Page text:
Quarrying In T&T – Part 2
The Asa Wright Fiasco
Last week, a quarry in the foothills of the Arima valley in Trinidad called the Scott quarry, started an expansion project within their quarry. This expansion resulted in the quarry activities becoming visible, as well as audible from the Asa Wright Nature Centre.
For those of you who don’t know the Asa Wright Nature Centre, it is one of the leading destinations visited by birdwatchers, worldwide. Historically it has boasted one of the highest numbers of bird species in the world.
Officially incorporated as an NGO in 1967, the centre, which takes its name from it’s previous owner, Mrs. Asa Wright, has provided an ideal setting for scientists and tourists alike to view and study the behaviour of well over 200 species of bird, as well as a staggering variety of other forest mammals, reptiles and insects.
When the founders of the Asa Wright Nature Centre (AWNC) formed their Not-for-Profit Trust back in 1967, its stated purpose, in addition to scientific study and recreational bird watching, was to…
“protect part of the Arima Valley in a natural state and to create a conservation and study area for the protection of wildlife and for the enjoyment of all.” (http://asawright.org/about-the-centre/)
It was one of the first nature centers to be established in the Caribbean.
For some time now, I have been investigating the quarrying industry in T&T, and I have in fact even toured the quarries surrounding both the Asa Wright Nature Centre (AWNC) and it’s ‘satellite’ center, The William Beebe Tropical Research Station, affectionately called SIMLA.
SIMLA was founded by renowned American Naturalist William Beebe in 1949 before he donated the estate in 1950, to the New York Zoological Society for the sum of one dollar. William Beebe is considered to be one of the founders of the field of ecology, and was one of the early 20th century’s advocates of conservation.
SIMLA is situated lower down in the Arima valley and is now smack bang in the middle of at least three quarries at the last count.
Mr. Peter O’Connor works at the Asa Wright Nature Centre, and has for some time now been talking to whoever will listen; about the effects the area’s quarries are having on both AWNC and SIMLA.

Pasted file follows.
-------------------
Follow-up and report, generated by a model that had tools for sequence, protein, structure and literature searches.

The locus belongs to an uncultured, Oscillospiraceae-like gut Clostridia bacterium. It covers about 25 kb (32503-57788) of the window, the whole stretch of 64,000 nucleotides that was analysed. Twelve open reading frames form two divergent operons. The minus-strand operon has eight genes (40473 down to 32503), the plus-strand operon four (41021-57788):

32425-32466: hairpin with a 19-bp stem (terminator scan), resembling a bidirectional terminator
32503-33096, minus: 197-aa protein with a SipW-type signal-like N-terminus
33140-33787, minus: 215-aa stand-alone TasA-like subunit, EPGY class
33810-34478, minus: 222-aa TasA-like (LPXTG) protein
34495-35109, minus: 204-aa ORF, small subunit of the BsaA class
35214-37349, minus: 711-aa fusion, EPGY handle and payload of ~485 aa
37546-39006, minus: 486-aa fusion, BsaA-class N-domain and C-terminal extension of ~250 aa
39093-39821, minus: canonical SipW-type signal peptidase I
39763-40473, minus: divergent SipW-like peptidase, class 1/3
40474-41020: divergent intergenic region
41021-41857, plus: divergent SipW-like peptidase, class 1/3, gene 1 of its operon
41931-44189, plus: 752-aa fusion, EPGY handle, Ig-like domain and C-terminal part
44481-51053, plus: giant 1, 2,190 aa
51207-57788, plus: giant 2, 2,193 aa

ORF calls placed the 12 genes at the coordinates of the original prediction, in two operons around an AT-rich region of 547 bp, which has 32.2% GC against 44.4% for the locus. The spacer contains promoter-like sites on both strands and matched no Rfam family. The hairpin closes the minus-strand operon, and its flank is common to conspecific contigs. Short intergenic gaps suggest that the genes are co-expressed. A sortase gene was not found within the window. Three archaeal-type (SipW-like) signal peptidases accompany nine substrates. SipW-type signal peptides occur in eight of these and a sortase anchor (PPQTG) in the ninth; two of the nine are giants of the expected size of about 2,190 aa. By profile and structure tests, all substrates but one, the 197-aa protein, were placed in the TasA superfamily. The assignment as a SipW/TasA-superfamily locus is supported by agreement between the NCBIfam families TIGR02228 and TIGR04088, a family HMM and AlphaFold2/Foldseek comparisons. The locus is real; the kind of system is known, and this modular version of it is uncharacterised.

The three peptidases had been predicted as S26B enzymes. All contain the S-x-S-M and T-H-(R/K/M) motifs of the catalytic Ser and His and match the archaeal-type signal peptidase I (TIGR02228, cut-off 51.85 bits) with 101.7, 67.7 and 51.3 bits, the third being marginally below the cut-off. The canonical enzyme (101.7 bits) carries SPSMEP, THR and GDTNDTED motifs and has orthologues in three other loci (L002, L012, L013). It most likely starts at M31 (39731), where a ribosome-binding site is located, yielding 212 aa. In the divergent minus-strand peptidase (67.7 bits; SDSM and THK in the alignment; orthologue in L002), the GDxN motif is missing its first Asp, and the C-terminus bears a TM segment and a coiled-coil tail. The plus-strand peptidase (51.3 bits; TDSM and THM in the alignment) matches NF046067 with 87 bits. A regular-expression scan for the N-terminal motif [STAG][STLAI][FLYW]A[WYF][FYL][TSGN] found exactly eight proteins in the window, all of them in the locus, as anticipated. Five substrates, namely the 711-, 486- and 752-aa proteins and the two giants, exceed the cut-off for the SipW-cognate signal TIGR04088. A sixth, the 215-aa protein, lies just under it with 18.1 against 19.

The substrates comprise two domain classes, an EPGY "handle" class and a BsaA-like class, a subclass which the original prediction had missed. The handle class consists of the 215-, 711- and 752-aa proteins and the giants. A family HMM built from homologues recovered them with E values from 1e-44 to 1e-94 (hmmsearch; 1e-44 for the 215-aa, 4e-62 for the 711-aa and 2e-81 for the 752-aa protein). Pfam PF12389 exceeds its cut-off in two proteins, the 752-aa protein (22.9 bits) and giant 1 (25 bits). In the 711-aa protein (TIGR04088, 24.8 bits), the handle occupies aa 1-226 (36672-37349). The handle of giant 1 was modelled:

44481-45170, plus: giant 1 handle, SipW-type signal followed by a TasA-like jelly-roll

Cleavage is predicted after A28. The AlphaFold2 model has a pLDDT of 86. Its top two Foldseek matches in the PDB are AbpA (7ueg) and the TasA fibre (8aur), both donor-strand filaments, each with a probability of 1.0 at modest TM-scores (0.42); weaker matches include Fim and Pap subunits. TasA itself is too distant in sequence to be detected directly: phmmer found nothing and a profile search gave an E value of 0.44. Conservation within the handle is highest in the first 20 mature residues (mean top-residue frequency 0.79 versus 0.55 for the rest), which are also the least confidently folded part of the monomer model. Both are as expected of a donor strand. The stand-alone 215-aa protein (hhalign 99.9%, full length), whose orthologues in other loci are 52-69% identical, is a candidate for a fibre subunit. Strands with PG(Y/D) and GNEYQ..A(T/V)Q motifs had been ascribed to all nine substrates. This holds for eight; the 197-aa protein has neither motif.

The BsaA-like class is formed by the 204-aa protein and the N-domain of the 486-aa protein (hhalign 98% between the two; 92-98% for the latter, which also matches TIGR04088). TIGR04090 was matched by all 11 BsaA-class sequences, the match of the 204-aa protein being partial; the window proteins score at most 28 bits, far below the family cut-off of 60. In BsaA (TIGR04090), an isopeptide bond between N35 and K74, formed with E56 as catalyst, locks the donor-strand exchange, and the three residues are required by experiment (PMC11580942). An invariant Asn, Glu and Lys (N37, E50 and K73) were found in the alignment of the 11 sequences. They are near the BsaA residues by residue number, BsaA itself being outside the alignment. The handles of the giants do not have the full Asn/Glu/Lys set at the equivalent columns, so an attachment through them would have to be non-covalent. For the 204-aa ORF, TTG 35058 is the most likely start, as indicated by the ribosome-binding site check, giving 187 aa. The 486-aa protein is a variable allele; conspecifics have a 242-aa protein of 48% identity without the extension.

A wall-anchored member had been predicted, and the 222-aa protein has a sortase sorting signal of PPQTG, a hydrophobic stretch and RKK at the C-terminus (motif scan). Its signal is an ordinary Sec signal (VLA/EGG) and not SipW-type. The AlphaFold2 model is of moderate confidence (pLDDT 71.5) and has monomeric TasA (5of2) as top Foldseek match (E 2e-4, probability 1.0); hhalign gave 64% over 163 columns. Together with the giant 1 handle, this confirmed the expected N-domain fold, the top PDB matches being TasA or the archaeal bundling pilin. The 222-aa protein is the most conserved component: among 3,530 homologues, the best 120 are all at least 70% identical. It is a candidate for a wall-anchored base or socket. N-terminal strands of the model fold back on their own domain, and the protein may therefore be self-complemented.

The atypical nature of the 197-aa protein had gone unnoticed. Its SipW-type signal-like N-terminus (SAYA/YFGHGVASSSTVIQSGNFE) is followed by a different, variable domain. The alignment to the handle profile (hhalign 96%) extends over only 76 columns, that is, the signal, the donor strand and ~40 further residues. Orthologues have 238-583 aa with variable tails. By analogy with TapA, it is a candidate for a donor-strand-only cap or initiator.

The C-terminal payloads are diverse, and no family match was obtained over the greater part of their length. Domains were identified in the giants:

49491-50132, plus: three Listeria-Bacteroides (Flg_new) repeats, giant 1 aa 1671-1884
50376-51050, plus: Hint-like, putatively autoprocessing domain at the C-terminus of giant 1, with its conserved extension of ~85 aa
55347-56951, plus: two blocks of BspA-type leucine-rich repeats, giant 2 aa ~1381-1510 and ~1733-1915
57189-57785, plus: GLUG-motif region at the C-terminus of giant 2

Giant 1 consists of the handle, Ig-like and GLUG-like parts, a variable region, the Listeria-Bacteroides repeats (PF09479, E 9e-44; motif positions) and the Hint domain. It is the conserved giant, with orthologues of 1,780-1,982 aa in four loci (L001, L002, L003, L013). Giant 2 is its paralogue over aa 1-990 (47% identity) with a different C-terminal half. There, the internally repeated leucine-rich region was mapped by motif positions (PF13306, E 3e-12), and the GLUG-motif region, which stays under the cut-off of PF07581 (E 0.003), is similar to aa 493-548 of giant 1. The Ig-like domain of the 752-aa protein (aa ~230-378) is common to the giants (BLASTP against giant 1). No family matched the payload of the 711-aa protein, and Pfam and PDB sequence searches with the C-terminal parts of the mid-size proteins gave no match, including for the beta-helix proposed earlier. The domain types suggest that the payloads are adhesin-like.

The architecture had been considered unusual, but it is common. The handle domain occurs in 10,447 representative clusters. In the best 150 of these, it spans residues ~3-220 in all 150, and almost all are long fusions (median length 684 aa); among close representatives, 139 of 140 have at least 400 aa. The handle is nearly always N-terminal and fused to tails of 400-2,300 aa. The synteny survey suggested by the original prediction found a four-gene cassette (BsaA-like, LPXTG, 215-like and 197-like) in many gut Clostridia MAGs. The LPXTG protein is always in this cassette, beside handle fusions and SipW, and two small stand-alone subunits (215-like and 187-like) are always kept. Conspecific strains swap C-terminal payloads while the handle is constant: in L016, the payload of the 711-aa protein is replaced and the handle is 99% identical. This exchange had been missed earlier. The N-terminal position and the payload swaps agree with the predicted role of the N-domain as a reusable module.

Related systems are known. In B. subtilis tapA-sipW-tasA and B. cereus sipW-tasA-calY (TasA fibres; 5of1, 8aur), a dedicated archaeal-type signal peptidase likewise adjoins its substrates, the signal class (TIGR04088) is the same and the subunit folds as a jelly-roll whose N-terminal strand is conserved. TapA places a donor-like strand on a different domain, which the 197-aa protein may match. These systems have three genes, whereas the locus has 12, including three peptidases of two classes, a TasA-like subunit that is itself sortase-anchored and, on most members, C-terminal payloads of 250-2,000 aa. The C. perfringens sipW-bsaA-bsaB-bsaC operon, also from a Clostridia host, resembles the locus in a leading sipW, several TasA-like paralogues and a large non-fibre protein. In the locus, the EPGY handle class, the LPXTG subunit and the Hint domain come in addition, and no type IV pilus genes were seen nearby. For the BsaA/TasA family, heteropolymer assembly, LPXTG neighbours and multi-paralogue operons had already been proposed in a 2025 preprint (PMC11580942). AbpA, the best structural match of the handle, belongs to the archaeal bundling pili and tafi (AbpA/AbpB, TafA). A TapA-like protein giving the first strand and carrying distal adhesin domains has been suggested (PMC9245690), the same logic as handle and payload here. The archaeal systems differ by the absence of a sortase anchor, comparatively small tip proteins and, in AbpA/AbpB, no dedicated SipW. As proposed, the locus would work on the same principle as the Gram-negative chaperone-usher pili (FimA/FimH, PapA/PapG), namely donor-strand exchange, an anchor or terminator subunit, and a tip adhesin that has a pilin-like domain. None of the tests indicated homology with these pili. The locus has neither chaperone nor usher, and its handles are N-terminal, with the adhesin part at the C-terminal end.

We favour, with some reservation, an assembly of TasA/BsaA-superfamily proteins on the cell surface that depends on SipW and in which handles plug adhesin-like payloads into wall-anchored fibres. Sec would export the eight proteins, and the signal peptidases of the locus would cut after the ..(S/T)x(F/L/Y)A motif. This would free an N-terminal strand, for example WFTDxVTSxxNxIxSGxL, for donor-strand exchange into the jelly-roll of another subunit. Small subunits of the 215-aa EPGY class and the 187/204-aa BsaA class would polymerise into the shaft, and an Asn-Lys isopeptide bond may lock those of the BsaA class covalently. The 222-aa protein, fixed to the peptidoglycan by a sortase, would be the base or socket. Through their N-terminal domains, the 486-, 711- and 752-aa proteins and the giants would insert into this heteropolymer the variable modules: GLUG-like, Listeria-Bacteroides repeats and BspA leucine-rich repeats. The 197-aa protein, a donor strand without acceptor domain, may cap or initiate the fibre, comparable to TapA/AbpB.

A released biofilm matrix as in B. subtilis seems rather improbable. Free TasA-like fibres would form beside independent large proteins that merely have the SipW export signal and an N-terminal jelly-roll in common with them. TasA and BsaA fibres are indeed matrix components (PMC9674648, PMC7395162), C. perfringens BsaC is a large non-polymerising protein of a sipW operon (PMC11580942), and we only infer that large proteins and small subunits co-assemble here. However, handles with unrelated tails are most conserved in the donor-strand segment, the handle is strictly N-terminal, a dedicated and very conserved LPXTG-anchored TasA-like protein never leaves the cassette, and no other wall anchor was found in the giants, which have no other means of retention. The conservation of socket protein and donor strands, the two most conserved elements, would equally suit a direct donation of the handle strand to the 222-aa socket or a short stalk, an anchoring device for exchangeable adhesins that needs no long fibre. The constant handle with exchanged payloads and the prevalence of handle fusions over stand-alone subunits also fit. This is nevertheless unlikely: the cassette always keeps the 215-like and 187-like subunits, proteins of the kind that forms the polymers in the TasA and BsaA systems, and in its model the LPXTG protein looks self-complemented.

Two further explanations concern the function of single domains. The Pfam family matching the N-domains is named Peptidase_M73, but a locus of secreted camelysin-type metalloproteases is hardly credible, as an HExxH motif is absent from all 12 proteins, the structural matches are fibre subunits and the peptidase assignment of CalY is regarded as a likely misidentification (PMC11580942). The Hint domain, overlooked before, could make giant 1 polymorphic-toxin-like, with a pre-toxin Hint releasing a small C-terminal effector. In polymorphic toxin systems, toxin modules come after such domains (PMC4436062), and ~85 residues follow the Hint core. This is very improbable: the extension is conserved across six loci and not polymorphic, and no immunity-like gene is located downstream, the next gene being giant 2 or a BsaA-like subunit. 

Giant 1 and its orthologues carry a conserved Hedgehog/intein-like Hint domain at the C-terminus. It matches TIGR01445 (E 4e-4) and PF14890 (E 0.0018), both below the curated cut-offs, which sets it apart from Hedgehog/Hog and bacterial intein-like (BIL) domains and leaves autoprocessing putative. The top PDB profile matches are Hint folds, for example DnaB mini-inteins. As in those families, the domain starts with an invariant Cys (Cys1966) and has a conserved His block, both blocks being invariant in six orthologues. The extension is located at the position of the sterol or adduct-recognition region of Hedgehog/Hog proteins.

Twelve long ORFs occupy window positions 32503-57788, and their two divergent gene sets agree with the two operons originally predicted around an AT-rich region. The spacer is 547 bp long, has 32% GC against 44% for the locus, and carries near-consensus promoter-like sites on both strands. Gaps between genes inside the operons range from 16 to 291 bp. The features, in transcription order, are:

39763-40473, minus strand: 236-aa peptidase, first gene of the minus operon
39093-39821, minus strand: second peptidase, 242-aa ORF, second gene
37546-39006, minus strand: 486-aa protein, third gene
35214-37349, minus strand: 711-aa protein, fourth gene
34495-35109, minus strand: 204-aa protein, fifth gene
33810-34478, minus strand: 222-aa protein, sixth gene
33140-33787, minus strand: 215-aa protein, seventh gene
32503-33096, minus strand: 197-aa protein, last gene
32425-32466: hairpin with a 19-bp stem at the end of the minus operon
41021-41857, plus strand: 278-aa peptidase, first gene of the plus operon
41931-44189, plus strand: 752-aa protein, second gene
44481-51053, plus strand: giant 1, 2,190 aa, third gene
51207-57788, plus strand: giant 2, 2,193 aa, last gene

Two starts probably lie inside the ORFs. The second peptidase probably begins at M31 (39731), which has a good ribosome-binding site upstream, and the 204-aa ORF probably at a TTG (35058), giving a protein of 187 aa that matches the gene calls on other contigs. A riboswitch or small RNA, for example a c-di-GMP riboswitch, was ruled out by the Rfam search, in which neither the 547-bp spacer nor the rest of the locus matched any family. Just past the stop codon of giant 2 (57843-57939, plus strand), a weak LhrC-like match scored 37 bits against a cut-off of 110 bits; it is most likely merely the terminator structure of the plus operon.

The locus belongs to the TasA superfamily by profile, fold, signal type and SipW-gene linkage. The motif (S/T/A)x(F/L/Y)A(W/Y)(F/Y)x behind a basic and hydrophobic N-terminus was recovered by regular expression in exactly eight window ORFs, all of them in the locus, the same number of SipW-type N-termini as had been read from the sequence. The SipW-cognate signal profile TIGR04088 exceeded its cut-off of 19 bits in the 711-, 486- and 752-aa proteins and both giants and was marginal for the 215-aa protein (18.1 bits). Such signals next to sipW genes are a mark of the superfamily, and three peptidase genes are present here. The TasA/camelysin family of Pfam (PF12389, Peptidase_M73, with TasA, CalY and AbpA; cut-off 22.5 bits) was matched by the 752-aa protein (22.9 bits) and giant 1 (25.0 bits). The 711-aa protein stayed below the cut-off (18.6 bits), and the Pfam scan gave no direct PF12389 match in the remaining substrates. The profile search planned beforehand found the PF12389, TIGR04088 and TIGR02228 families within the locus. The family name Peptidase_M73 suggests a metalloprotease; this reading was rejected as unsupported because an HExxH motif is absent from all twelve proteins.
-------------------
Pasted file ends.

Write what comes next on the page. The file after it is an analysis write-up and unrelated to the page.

About 6 months ago, I toured the SIMLA estate for the first time, guided by Mr. O’Connor and another gentleman called Mr. Hernandez who works at the station. As we set off from the main building set in lush tropical forest, we were completely surrounded by a wondrous variety of forest birds from hummingbirds to the Trinidad Motmot (Momotus momota), I was in awe at the raw beauty of the place. I could see at once, why this isolated valley tucked off the beaten path would have appealed to William Beebe and all those that have visited and studied there over the years.
After about 10 minutes easy walk into the forest along a narrow, but well-beaten path, we arrived at a dilapidated structure that was constructed of upright columns with the wire mesh strung between them now rusted and bent. My guides explained to me that this was where William Beebe himself had conducted the experiments that had proved beyond a doubt that bats flew so well in the dark due to their use of echolocation, or sonar.
We continued walking for about another 30 minutes or so, through forest so thick that at times it was impassable without the use of a ‘machete’. Quite often we had to pause while Mr. Hernandez tried to locate the path.
This was due to it seemingly having been ‘re-possessed’ by the forest.
We pressed on until eventually we were confronted with a steep slope in front of us that headed upwards for roughly 500 yards at a 40 – 50 degree angle.
The forest that had been growing for centuries on this slope appeared to have recently been flattened as if a miniature hurricane had passed over it and headed straight up the face of the slope. Strewn all about over the forest floor were huge limestone boulders. These weren’t the ordinary ‘weathered’ boulders you might encounter in the bush, these looked ‘fresh’. They looked as though they had recently arrived.
Tracing a line from the boulders to the top of the ridge above we could see that the forest had been crushed flat in strips that defined the path that these boulders had taken having been flung over the ridge either by an explosion, or by irresponsible excavation techniques.
I’m fairly fit, and consider myself to be surefooted on rough terrain, but this slope presented a real challenge due to the number and size of the boulders deposited on the hillside.
We persevered, and were ‘rewarded’ at the top with a view of the edge of the Scott quarry. The National Quarries Company Ltd owns the Scott quarry, but it is operated by Sunway Quarry Industries Caribbean Ltd having been awarded the contract via a highly controversial tender process back in 2008. The Scott quarry is situated on the boundary with SIMLA.
A sheer pinnacle of rock roughly 150 feet tall and about 100 foot around stood directly before of us. It jutted straight upward, toward the sky. It was while we were getting to grips with the scale of the quarry’s expansion that we heard the blast.